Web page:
Many businesses are recognising that social media and customers”voting with their tweet” can cause a tsunami of negative feedback but it’s interesting that some of them, although they’ve established teams of problem handlers to engage with complainants in the twittersphere, still make some fundamental mistakes.
I’ve recently been disappointed by Yodel. The inability of a Yodel lackey to perform the fundamental part of their job (to deliver a parcel to the right address) drove me to fire up Hootsuite, register my grumpiness and see who else had been let down. Lots and lots of folk it turned out, and to be fair Yodel were engaging with each complaining punter in a consistent, some might even suggest scripted way. What soon became very apparent was that they desperately wanted to take the conversation away from the public forum and shift it to Direct Messages and email, both examples of manageable, one-to-one communication.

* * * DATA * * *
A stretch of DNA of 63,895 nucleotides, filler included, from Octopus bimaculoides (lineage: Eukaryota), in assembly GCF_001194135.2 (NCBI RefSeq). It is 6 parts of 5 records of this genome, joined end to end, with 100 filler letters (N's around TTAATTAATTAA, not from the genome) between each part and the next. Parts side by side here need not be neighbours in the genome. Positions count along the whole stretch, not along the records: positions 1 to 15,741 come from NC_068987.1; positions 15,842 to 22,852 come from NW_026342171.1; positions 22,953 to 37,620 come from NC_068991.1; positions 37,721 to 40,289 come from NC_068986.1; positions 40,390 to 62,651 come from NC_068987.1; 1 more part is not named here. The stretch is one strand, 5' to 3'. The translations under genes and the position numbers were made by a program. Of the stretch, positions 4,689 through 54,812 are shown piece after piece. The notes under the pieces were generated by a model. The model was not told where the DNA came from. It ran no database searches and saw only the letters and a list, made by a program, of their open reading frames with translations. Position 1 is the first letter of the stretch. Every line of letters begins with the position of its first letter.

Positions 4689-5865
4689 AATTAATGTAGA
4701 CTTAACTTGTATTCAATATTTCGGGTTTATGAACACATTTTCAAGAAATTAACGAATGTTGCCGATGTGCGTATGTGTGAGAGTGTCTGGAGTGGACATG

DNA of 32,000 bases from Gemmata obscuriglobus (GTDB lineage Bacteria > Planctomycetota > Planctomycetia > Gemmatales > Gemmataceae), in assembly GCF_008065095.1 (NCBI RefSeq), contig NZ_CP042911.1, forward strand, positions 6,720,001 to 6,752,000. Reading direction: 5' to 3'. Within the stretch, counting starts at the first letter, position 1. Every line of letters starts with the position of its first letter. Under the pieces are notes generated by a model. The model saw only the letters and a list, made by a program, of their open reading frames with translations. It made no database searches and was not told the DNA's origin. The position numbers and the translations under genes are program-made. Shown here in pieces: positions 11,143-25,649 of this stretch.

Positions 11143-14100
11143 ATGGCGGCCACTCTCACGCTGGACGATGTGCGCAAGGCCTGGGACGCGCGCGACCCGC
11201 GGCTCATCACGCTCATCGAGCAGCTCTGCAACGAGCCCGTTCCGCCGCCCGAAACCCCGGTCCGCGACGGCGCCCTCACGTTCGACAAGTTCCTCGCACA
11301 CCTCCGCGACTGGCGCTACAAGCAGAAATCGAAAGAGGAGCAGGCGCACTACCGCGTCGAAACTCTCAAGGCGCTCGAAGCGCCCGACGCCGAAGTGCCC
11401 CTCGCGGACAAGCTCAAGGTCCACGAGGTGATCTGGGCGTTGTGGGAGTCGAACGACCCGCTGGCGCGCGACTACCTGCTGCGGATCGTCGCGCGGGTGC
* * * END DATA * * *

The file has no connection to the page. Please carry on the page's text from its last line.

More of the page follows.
There’s obvious value for them in this if all they’re trying to do is reduce the noise level, but if they are genuinely going to solve problems rather than trip through a series of scripted platitudes and meaningless apologies there’s real PR value in being seen and being heard addressing and satisfying your unhappy client.
But, sadly that’s the case, they don’t appear to want an authentic conversation, it’s old fashioned hushing-up using a brilliant platform to tell a good story to try and hide a bad one.
What a shame…